By Reidar Visser (www.historiae.org)
23 August 2008
In many ways, Barack Obama’s approach to Iraq is strikingly similar to that of the Bush administration and John McCain. In theory, the addition of Joe Biden to Obama’s ticket could change this, but over the last weeks and months there have been interesting moves by Biden to remove most traces of his “Iraq plans” from the public domain.
With regard to Iraq, the real context of the upcoming Democratic convention is that “the surge” in Iraq is not working at all. Despite measurable successes in bringing the levels of violence down, the American-sponsored political system in Iraq is actually more dysfunctional than ever, and incapable of delivering the results that both Iraqis and Americans are looking for. Perhaps the best evidence is the fact that it is now Washington’s own darlings in Iraq and their pet projects that stand in the way of progress, as seen in the vice-presidential vetoes this year against the provincial powers law and the provincial elections law. There is in fact a cross-sectarian majority in the Iraqi parliament that wants to have early elections and power-sharing in Kirkuk, but Washington’s allies among the Kurds and the Islamic Supreme Council of Iraq (ISCI) keep blocking progress towards national reconciliation and a more sustainable political system. The salient cleavages in Iraqi politics are increasingly of a non-sectarian nature – the alliance that challenged the Maliki government through its demand for early elections and power-sharing in Kirkuk had an eminently cross-sectarian composition, and no matter how the media likes to spin it, the recent sacking of the police commander in Diyala did pit some powerful Shiite players against each other – but American policy fails to respond to this reality.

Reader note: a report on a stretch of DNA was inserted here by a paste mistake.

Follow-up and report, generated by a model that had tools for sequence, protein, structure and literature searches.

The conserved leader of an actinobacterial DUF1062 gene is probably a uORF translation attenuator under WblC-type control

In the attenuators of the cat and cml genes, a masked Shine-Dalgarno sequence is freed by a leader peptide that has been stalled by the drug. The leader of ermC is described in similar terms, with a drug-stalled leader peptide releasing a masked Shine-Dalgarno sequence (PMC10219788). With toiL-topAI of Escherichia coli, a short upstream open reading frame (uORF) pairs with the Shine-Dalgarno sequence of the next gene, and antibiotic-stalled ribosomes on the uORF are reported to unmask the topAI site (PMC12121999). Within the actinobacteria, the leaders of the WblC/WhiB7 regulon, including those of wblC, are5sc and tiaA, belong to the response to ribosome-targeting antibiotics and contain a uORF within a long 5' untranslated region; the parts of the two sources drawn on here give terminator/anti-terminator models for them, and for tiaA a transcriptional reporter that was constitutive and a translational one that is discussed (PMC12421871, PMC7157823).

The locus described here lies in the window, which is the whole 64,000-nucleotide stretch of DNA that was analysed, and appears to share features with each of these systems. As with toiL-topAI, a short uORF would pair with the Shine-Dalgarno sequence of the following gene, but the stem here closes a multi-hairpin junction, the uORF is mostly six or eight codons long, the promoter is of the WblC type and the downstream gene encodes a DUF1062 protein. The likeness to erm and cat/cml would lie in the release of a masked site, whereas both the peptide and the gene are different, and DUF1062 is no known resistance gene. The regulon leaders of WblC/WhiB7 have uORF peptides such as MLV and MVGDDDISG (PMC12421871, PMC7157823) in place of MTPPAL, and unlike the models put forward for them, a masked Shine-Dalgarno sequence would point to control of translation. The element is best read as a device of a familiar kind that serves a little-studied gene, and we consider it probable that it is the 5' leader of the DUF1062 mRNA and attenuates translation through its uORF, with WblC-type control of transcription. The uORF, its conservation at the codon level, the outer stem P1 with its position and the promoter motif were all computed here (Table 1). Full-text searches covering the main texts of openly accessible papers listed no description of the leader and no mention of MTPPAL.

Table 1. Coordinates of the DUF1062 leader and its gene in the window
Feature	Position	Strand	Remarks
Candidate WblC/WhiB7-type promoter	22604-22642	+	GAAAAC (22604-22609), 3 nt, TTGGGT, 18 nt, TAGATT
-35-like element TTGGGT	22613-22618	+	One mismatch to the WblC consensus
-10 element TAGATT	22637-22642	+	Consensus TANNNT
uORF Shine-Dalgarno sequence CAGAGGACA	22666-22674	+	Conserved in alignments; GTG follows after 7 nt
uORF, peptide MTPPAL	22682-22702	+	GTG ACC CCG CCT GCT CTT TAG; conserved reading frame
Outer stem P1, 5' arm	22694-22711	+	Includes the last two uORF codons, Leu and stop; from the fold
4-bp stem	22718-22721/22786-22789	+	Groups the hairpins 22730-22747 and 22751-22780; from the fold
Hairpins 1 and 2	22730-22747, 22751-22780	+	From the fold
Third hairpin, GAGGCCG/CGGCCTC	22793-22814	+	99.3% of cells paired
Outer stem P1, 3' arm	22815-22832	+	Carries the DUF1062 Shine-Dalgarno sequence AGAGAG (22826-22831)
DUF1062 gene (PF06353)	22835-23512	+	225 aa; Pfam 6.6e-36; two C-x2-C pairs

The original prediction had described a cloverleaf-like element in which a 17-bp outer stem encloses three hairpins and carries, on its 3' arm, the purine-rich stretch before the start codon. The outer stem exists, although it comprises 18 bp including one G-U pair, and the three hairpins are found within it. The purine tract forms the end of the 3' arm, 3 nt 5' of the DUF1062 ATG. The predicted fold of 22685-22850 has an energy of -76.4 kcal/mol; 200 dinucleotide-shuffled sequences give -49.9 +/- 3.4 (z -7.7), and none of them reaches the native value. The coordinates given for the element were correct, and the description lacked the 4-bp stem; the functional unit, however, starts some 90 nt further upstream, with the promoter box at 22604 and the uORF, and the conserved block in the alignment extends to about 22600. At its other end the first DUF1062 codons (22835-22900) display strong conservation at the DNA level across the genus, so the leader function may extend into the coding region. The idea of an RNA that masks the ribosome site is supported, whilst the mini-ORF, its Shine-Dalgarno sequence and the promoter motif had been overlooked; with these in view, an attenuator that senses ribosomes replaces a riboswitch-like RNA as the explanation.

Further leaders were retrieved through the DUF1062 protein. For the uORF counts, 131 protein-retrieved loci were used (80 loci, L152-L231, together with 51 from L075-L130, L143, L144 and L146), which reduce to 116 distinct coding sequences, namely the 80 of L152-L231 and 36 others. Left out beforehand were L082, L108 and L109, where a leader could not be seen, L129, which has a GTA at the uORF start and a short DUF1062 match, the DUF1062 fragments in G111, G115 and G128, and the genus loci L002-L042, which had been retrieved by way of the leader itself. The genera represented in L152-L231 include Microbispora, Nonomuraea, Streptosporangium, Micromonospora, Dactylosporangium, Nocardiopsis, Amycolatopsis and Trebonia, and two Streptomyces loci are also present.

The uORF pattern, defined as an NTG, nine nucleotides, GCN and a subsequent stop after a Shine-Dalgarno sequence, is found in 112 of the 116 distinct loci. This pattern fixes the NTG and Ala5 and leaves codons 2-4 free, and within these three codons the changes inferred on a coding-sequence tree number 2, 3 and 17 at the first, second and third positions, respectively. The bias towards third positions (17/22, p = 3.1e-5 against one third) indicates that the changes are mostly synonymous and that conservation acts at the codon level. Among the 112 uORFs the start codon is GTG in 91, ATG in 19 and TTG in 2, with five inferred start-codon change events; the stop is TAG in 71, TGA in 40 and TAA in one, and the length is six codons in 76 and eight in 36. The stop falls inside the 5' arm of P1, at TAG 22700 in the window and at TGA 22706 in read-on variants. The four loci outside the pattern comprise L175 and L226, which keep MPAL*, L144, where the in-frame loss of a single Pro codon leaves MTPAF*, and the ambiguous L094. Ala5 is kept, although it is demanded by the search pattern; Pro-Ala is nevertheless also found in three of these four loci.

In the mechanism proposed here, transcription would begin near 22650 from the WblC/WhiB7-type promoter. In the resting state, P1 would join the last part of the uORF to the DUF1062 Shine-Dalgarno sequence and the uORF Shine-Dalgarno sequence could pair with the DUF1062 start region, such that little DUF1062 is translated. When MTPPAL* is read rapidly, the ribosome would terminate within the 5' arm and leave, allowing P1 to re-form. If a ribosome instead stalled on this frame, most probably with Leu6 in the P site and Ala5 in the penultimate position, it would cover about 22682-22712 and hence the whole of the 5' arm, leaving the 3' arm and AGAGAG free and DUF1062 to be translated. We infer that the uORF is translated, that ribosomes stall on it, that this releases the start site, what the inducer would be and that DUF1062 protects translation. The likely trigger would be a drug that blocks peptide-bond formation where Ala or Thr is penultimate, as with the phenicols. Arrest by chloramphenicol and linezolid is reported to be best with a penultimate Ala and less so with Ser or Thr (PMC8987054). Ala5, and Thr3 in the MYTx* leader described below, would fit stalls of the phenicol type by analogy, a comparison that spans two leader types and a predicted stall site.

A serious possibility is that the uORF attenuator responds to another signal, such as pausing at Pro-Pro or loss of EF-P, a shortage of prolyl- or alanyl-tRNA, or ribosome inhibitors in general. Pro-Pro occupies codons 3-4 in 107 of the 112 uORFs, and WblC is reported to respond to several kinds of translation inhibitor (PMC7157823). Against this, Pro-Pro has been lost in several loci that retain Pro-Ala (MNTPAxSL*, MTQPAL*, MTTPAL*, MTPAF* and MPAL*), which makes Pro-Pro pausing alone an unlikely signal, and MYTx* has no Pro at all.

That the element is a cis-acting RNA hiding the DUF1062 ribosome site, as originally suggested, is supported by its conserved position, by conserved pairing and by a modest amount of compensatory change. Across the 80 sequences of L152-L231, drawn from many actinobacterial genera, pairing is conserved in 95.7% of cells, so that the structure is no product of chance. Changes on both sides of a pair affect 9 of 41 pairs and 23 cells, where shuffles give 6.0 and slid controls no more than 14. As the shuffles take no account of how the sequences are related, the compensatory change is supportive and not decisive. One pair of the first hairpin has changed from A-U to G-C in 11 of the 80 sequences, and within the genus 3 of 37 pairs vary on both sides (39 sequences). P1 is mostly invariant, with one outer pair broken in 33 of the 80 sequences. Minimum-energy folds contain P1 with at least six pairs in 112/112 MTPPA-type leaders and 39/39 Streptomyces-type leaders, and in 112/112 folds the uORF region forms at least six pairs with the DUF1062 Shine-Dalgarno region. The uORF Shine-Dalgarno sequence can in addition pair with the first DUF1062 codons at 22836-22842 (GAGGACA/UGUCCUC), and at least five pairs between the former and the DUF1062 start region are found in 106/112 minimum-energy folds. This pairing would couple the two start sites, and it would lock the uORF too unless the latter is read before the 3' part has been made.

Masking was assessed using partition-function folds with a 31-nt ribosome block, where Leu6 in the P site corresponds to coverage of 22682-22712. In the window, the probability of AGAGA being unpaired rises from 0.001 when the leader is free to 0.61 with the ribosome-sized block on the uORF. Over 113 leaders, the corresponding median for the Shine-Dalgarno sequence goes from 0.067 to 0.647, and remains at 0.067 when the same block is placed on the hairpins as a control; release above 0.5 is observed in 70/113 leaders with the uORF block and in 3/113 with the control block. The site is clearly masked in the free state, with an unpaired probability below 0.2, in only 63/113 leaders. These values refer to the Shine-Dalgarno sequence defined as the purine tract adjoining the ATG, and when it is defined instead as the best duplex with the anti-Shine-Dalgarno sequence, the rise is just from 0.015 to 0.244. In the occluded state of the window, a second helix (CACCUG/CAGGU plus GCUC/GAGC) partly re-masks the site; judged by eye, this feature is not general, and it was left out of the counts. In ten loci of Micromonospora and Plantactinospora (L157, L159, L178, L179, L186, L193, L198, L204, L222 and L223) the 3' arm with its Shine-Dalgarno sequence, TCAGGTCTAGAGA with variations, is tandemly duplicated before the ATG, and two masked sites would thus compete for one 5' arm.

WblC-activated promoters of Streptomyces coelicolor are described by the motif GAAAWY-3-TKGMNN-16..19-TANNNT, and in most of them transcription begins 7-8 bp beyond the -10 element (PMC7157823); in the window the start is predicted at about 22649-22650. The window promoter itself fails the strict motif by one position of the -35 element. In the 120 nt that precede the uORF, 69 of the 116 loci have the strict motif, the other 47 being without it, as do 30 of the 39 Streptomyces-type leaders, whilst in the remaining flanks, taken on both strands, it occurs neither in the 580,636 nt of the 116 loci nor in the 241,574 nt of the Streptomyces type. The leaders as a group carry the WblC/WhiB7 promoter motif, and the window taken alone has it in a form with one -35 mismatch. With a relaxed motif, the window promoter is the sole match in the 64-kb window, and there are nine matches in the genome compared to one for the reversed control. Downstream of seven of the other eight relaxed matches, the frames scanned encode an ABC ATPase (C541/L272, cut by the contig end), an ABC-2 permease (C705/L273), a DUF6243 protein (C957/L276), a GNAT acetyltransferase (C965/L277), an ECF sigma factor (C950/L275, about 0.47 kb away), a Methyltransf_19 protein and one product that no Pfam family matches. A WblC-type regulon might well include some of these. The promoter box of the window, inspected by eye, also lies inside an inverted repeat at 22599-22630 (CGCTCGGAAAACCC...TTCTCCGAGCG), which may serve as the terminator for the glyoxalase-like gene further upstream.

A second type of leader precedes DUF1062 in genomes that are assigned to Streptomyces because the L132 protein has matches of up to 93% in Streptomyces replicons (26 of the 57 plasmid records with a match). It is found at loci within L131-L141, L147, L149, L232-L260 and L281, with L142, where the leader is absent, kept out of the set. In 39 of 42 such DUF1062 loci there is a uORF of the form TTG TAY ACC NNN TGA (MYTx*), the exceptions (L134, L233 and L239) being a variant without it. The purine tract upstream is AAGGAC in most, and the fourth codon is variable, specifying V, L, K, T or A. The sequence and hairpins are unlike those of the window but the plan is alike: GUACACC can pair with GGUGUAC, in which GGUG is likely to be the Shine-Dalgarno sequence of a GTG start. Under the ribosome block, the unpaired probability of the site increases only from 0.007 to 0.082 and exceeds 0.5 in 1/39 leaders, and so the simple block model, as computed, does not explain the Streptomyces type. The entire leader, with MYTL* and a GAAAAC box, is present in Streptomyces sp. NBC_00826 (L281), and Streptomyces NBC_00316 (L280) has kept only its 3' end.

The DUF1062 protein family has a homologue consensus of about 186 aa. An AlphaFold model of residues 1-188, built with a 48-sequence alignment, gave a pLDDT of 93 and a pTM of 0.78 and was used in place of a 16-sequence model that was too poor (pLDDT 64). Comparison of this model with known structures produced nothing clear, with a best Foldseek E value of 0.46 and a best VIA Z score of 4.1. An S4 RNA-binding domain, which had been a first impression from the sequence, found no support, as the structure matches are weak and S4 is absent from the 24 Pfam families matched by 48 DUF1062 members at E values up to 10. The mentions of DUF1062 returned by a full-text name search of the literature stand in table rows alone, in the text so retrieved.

Thankfully, there is growing attention to these cross-sectarian trends at least among some US analysts. There has been some debate as to the usefulness or otherwise of a new nomenclature introduced by USIP’s Sam Parker that employs the terms “The Powers That Be” and “The Powers That Aren’t” to describe the real battlefronts in Iraqi politics, with some critics finding the dichotomy pretentious and nothing more than a new name for “government and opposition”. However, that overlooks the way in which Parker’s concepts clearly augment our understanding of Iraq: they define the glue that holds the government together, and provides a very good point of departure for discussing those ideological pressures that threaten to tear the current system apart and which should be taken into account in any serious discussion of future US policy.